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The 65th Best Parliament in the World for Women

23/04/2014 11:19 BST | Updated 22/06/2014 10:59 BST

From the ages of four to eleven, primary school sports days marked a low point in every slightly-chubby child's life. Whether it was the egg and spoon race or the three-legged sprint, crushing defeat usually followed. It didn't matter if that beanbag was gaffer-taped to my head, or if the bottom of the sack had leg-holes, last place is where you'd find me. However, fifteen years later, there is a silver lining. Many of us can take pride in the fact that we did not come in 65th place. No, that title is reserved for UK Parliament. As according to statistics released by the Inter-Parliamentary Union, Britain ranks 65th in the world for women MPs.

With 650 seats in the House of Commons, only 147 are filled with females. This means that 51% of the British public are represented by a mere 23% of MPs. So, let's put that 65th place into a global perspective. That's only three places lower than China's 24%, and just 11 places higher than Saudi Arabia's 20%.

Frankly, we're not in a great crowd. Parliament, the body that represents the British public, is dramatically out of balance with the way the country looks. Consequently, at the center of the country's decision-making process lies undeniable inequality. Women remain British politics' largest untapped resource. Even in the Prime Minister's cabinet, only three positions are held by female cabinet ministers, notably the Minister for the Home Department, the Minister for International Development, and the Minister for Northern Ireland.

Access to power and resources isn't just an issue for the halls of Westminster, it's a global embarrassment. Take, for example, a striking statistic from the ONE Campaign's recent report "Levelling the Field: Improving Opportunities for Women Farmers in Africa." According to the report, if female farmers had the same access to resources and rewards as men do, they could increase the amount of crops on their farms by 20-30%, lifting between 100 and 150 million people out of hunger.

So, what's the solution to this equality drought? A possible answer comes from the country topping the list for female representation; Rwanda. A nation plagued by one of the most devastating genocides of the 20th century now boasts a female MP representation rate of 64%. That's almost three times higher than Britain. How is that possible?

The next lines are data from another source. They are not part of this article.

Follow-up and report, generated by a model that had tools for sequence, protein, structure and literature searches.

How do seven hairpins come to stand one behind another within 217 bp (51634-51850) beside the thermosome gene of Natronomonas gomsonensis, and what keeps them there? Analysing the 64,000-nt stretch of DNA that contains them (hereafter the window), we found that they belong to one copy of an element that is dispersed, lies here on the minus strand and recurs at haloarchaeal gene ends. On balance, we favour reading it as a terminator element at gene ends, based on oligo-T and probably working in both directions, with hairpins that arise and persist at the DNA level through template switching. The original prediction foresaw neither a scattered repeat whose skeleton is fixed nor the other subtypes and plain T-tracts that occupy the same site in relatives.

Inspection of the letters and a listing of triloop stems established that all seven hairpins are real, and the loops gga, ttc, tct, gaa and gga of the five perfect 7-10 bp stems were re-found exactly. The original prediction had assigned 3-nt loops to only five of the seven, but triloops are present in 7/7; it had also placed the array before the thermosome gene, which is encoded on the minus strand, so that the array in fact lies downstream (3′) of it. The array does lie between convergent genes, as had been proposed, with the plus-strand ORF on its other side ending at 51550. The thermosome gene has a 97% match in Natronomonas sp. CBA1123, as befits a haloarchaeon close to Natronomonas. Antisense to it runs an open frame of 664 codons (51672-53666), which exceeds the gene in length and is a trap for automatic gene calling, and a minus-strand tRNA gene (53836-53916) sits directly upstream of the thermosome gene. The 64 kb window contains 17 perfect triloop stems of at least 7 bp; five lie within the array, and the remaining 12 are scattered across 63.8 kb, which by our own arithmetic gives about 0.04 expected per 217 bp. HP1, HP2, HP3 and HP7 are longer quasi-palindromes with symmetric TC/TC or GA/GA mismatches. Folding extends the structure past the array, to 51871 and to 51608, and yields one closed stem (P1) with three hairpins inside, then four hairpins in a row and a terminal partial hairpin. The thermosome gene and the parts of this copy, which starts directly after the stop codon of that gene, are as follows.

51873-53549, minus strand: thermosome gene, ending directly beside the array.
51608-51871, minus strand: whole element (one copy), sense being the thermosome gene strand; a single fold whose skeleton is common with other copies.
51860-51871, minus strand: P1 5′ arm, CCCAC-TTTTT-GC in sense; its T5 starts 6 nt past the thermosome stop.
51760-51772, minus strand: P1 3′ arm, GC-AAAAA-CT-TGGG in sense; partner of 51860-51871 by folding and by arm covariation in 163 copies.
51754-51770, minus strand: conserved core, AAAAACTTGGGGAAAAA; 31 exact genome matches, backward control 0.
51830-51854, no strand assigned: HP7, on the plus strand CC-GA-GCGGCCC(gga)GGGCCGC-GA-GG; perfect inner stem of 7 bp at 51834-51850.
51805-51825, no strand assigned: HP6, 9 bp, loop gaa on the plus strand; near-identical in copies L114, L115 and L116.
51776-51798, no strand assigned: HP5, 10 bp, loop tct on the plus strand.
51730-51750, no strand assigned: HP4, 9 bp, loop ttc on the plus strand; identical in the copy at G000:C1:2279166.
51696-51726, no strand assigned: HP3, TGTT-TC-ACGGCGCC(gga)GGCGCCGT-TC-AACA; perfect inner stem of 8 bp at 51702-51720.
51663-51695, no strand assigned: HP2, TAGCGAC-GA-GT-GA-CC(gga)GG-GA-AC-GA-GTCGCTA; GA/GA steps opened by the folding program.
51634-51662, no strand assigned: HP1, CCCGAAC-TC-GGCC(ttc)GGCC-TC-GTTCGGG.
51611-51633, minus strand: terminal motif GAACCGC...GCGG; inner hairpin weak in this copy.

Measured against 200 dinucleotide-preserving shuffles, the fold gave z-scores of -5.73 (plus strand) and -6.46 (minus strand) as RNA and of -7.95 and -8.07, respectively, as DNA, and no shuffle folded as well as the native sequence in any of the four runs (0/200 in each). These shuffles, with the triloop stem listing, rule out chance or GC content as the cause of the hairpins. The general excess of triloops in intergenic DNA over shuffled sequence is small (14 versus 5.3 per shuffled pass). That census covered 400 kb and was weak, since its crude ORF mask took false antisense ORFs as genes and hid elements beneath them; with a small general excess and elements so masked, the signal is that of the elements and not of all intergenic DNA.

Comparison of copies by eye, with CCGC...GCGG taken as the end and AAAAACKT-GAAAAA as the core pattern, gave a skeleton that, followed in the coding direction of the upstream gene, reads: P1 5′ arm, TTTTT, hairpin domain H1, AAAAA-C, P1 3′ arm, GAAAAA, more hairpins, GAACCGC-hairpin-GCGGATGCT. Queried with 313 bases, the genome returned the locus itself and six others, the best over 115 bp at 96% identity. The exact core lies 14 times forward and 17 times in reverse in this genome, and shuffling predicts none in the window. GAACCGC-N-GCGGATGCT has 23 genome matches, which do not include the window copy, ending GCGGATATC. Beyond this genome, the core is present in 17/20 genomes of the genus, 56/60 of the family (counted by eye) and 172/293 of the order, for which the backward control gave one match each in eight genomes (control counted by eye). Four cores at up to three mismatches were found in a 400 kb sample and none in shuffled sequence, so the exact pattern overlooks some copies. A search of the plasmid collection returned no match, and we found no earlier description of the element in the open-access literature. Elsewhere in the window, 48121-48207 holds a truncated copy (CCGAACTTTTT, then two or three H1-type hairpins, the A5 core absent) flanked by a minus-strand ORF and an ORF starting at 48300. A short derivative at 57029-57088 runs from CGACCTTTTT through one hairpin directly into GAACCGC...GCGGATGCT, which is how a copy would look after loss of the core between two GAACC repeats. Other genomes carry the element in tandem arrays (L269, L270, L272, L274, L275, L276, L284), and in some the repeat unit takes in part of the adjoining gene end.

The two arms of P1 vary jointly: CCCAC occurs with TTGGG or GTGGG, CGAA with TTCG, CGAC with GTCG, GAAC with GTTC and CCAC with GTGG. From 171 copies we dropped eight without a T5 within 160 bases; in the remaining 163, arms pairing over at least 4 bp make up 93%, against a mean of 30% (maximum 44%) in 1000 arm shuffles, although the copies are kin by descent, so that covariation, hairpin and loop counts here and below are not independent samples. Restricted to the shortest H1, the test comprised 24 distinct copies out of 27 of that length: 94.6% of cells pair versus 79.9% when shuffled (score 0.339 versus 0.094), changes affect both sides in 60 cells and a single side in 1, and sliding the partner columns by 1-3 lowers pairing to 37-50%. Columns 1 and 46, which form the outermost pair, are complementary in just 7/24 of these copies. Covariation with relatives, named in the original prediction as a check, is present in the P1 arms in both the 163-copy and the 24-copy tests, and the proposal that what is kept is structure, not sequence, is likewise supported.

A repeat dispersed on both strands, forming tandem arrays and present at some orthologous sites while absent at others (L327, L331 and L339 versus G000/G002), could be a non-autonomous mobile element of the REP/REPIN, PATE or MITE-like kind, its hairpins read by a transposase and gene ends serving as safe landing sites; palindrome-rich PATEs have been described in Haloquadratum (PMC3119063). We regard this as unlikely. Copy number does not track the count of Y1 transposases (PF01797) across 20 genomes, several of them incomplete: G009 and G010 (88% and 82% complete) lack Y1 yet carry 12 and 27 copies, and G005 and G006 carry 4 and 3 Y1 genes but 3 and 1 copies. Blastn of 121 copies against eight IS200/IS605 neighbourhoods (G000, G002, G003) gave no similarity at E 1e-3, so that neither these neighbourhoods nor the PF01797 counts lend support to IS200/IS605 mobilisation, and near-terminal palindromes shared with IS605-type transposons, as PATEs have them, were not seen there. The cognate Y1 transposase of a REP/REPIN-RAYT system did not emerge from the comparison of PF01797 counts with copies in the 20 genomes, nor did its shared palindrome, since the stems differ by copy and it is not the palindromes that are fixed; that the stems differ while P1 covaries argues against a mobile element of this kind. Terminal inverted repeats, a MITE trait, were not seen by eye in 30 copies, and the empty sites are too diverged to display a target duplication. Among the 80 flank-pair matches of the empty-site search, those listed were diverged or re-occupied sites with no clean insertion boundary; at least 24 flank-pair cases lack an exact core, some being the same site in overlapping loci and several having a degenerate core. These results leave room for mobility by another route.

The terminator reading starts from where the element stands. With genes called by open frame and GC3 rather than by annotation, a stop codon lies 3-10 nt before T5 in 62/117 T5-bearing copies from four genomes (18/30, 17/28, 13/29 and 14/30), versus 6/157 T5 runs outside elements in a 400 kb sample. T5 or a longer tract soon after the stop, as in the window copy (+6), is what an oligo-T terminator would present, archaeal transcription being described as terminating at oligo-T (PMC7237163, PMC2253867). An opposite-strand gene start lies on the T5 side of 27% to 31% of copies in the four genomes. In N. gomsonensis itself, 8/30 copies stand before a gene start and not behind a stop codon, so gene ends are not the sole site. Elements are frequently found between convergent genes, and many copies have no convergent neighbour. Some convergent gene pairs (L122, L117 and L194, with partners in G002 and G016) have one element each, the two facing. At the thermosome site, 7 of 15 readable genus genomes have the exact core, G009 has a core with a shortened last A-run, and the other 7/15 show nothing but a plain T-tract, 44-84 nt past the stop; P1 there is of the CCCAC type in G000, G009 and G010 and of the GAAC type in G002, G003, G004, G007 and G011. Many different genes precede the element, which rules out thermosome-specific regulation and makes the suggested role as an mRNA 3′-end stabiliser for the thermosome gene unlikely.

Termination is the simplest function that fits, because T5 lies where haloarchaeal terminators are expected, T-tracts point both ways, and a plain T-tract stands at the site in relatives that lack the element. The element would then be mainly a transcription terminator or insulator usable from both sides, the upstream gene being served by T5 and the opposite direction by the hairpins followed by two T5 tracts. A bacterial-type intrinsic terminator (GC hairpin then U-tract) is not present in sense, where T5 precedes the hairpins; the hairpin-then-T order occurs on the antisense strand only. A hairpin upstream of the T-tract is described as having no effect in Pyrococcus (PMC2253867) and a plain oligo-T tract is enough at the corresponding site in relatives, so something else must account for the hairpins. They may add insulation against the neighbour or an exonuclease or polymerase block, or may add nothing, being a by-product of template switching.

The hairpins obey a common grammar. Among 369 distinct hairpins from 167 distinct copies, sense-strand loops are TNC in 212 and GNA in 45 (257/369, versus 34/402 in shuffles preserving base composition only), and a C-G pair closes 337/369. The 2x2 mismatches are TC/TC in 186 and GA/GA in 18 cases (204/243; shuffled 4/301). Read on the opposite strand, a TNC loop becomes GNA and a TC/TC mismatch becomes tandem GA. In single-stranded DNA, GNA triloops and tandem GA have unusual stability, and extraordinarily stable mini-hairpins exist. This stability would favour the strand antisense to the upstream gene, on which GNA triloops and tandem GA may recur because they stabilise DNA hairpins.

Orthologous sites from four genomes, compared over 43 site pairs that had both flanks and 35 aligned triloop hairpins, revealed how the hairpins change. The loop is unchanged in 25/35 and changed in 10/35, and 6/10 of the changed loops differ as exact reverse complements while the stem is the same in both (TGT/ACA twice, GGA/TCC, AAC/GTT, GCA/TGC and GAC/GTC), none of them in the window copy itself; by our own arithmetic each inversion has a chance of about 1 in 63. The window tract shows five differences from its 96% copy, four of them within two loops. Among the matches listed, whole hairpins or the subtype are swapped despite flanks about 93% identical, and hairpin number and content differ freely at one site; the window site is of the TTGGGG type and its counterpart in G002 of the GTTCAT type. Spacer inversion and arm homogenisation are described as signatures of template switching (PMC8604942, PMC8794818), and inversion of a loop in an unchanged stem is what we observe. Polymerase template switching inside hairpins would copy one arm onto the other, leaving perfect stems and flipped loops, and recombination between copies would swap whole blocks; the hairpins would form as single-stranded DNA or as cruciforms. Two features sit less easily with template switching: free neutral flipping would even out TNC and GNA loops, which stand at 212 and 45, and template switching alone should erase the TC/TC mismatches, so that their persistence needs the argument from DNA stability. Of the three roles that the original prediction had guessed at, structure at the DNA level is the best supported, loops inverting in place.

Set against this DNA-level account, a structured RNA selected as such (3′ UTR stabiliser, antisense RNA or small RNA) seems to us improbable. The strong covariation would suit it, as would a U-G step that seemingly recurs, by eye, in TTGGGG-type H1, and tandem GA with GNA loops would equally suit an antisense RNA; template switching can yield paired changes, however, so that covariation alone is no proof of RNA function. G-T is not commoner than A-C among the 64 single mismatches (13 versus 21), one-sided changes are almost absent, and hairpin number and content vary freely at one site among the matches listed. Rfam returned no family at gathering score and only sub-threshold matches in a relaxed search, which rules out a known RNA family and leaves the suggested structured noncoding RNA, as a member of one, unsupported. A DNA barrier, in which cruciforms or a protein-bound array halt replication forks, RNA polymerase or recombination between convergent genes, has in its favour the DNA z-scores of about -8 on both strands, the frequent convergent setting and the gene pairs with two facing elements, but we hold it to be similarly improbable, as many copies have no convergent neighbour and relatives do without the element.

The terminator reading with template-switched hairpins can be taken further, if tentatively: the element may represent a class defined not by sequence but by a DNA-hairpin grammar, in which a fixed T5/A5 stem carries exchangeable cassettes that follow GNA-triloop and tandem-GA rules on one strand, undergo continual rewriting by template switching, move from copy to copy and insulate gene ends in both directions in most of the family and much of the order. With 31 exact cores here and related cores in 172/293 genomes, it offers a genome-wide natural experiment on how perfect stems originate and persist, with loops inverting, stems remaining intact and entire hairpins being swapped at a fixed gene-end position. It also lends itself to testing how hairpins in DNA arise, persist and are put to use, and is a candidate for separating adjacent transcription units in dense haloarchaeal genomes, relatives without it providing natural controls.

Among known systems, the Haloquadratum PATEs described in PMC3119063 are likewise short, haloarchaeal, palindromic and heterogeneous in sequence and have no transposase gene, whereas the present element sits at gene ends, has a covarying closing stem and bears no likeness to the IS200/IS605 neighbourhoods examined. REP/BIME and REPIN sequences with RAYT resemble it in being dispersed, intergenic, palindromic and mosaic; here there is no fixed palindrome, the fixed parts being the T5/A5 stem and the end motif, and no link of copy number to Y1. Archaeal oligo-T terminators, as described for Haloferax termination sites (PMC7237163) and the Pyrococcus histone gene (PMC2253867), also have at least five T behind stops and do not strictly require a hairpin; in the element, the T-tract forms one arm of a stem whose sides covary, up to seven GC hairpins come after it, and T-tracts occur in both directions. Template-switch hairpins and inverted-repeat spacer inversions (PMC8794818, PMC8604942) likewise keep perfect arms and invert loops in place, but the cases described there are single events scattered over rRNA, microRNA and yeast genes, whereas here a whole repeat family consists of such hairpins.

Over the last twenty years Rwanda has been rebuilt, predominantly by women. Even Rwanda's constitution states that 30% of parliament must be made-up with women, and the results have been revolutionary. Compared to two decades ago, women now have the right to own property and keep their own personal bank account in marriage. As well as this, police forces have been specifically formed to protect women against violence, and harsher sentences have been created for criminals involved in gender crimes. It is no surprise that Rwanda was voted the safest place for an African woman to live in 2012.

Women are at the forefront of creating gender equality. While it is important to emphasise that men play an essential role in creating tackling inequality, in the words of Professor Vernon Bogdanor "the life experience of women is bound to be different to that of men, not superior or inferior but different, and that needs to be represented in Parliament."

So, in our global sports day, Britain isn't doing too well. 65th place doesn't exactly scream success. Even the most supportive parents would struggle to work-up a smile with that performance. As the case has been in Rwanda, the drive towards everyday equality of women has been propelled by the decisions and greater influence of women. It's a simple formula, and frankly, it's one which could bring Britain into the 21st century.